Will the industry where I spent most of my working life become the next digital dinosaur?
The Economist certainly thinks so. This week’s edition contains a Special Package around the theme of Terminal Degrees
It contains the following hard hitting statement:
If universities were to face the same conditions over the next 10 to 20 years that daily newspapers faced over the last 10 to 20, then revenues would fall by more than half, employment in the industry would drop by nearly 30% and more than 700 institutions would shut their doors.
It is now time to accelerate the debate concerning the future of Higher Education in an increasingly online world.
To assist in this debate, we have pulled together a list of relevant articles that have appeared over the last week or so relating to the future of higher education in an online world and the critically important role of digital technology in enhancing the student learning experience.
In addition to the Terminal Degree link above, the following articles are highly recommended to all who have an interest in this area (Please Note: free registration may be required to access some of the Economist articles):
From ‘The Economist’ – A cost crisis, changing labour markets and new technology will turn an old institution on its head.
Also from ‘The Economist’ – The staid higher-education business is about to experience a welcome earthquake.
Interesting research results from Knowledge@Wharton – Free Massively Open Online Courses do not undermine traditional Business Schools. They can complement existing programmes by reaching new audiences, enriching the student experience while providing an opportunity to engage with a wider and more diverse student population.
From Emory News Centre – Business education is in the throes of a historic transformation. Changes driven by technological advances and the corresponding demands of business are affecting how students learn, how professors teach, and how schools both organize and market themselves. An interesting case example of how Faculty at Emory’s Goizueta Business School are embracing technology.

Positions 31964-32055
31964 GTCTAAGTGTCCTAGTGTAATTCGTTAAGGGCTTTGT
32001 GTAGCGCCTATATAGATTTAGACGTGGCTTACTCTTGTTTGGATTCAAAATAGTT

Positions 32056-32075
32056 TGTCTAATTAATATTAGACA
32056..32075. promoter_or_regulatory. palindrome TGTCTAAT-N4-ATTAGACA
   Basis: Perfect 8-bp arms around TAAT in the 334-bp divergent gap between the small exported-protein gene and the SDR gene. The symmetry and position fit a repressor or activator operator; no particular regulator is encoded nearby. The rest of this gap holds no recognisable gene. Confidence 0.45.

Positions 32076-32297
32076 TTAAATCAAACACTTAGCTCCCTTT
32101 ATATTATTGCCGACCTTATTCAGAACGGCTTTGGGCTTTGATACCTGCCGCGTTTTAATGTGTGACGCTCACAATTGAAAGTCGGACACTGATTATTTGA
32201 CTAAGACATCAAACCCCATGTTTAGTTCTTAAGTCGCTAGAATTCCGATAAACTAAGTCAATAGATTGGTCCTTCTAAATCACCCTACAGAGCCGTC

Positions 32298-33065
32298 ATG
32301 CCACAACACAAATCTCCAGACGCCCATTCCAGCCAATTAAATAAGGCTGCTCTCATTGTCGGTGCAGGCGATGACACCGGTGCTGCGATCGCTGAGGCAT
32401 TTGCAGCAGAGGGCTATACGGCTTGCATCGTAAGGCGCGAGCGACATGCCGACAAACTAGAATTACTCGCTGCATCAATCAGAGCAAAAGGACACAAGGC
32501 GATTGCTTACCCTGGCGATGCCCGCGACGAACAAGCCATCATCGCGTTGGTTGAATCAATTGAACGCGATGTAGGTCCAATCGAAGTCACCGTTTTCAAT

From Knowledge@Wharton – Higher education is undergoing a revolution. New technologies and new approaches to learning are altering the way educational programs are delivered and are changing the way we learn. But there’s no silver bullet. No single innovative teaching method has become widely promoted or adopted; the traditional lecture hall is still the norm.
From Harvard – With 50 million public school students in America, technology holds much potential to transform schools, says John Jong-Hyun Kim. So why isn’t it happening?
From Hootsuite – Maintaining post-graduation relationships with students has never been easier, but there does need to be a strategy.
From Information Week – The title says it all.
From Mashable – Congratulations, Class of 2014! You navigated your way through accounting and calculus, macroeconomics and marketing — but have you mastered the algorithm necessary to be a “social professional?”
Social professional may sound like an ironic hashtag, but it has come to describe a serious business requirement. Nearly all of the companies surveyed for a 2013 Jobvite report said they used social media in their recruiting. Perhaps more importantly, recruiters are making hiring decisions based on social media. The same Jobvite survey found that 42% of recruiters had reconsidered a candidate (for better or for worse) based on a social profile. Ahead, find a social professional crash course that you shouldn’t venture into the corporate world without having passed.
You may also be interested in the following two posts previous published on the Energise blog:
Our recent presentation on this topic.
All comments and feedback very welcome.
Jim and Vincent